Avatar universal

Weird symptoms, positive for anti smooth muscle antibodies, tumor in neck?

What can cause a positive result on an ASMA test other than autoimmune hepatitis? None of my blood tests for liver function were abnormal, so I'm confused.

I began seeing doctors for neuromuscular symptoms, vision problems, fatigue and shooting pains (among other things). I've had numerous tests looking at possibilities of MS and even ALS, now the thought is myasthenia gravis... but some things just don't fit.

Here's some info that may or may not be pertinent:

I tested negative for AChR and MuSK antibodies (usually present in MG). But positive for ASMA (usually indicative of autoimmune hepatitis).

There was an MRI finding of a 1.5cm tumor on my carotid artery above where it splits into two. Possibly a schwannoma, but more tests have yet to be done.

MRIs show no lesions in my brain or spinal chord. (So not MS)

Normal standard EMG (So not ALS)
(I'm referred now for a more specialized EMG to test repetitive movements)

Dozens of other blood tests were done, with only a couple of abnormalities. Low creatinine and high MCH.

Neurological exam was abnormal; hyperreflexia, clonus, babinski reflex and pronounced weakness in arms and legs.

Anyone have a clue what could be going on? I just want to figure this out so I can get appropriate treatment.
I see a different neurologist next week, but until then (and possibly after) I'm left speculating.

Any suggestions are appreciated.

1 Responses
1756321 tn?1547095325
GP Notebook -  Anti-smooth muscle antibodies -

"High titres are found in approximately 97% of autoimmune active hepatitis. Transient low titre antibodies may occur in other hepatic disorders, alopecia, primary pulmonary hypertension and in viral infections."

Low blood creatinine levels can mean lower muscle mass caused by a disease (eg: muscular dystrophy) or by aging. Other causes include severe liver disease, a diet very low in protein and water loss (pregnancy,  excess water intake, and certain medications).

High MCH can be a sign of macrocytic anaemia (red blood cells are larger than normal.  Enlarged blood cells are often associated with a deficiency or malabsorption of vitamin B12 and folate. Underlying causes can include liver problems, autoimmune diseases, severe hypothyroidism, bone-marrow diseases, use of certain medications and alcohol abuse.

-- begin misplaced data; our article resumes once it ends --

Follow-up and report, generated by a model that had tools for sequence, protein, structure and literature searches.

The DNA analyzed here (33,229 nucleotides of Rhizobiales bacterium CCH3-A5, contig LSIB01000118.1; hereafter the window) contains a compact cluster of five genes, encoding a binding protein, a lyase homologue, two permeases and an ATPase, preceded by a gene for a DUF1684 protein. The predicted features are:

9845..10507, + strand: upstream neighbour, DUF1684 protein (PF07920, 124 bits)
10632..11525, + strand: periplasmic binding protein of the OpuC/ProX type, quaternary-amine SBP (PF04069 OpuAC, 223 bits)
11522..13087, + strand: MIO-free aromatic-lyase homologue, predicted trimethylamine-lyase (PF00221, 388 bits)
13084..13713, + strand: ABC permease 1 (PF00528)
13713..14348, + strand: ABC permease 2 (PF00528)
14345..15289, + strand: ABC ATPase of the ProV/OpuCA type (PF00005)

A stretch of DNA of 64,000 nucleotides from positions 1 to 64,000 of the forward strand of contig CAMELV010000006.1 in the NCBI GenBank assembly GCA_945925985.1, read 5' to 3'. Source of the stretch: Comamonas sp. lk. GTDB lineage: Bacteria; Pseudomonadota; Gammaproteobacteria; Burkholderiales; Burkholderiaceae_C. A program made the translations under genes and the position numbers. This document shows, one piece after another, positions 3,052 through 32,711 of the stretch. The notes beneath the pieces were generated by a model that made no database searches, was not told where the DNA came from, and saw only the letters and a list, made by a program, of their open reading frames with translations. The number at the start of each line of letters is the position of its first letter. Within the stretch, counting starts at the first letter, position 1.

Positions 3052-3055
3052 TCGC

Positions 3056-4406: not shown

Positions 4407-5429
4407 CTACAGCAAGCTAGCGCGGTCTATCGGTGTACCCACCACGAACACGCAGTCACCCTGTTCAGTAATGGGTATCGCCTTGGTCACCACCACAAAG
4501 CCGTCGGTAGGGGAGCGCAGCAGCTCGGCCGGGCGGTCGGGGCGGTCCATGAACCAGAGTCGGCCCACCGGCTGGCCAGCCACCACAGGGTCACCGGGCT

I have malabsorption of vitamin B12 due to autoimmune pernicious anaemia and in my case my blood cells never enlarged even with B12 serum finally dropped below the reference range (a range that is far too low). I had plenty of neurological symptoms and I have permanent nerve damage.

Excerpt from MS Signs vs. Symptoms: What is the Babinski Sign?...

“Is MS the only disease which causes damage along the corticospinal tract?  If I experience Babinski sign, does that mean I have MS?”

No. The abnormal Babinski reflex can be caused by several conditions including spinal cord injury or tumor, meningitis, stroke, amyotrophic lateral sclerosis (ALS), pernicious anemia, Friedreich’s ataxia, syringomyelia, poliomyelitis, rabies, brain tumor or head injury involving the corticospinal tract, or following a generalized tonic-clonic seizure."
Have an Answer?

You are reading content posted in the Autoimmune Disorders Community

Top Autoimmune Diseases Answerers
1756321 tn?1547095325
Queensland, Australia
Learn About Top Answerers
Didn't find the answer you were looking for?
Ask a question
Popular Resources
For people with Obsessive-Compulsive Disorder (OCD), the COVID-19 pandemic can be particularly challenging.
A list of national and international resources and hotlines to help connect you to needed health and medical services.
Here’s how your baby’s growing in your body each week.
These common ADD/ADHD myths could already be hurting your child
This article will tell you more about strength training at home, giving you some options that require little to no equipment.
In You Can Prevent a Stroke, Dr. Joshua Yamamoto and Dr. Kristin Thomas help us understand what we can do to prevent a stroke.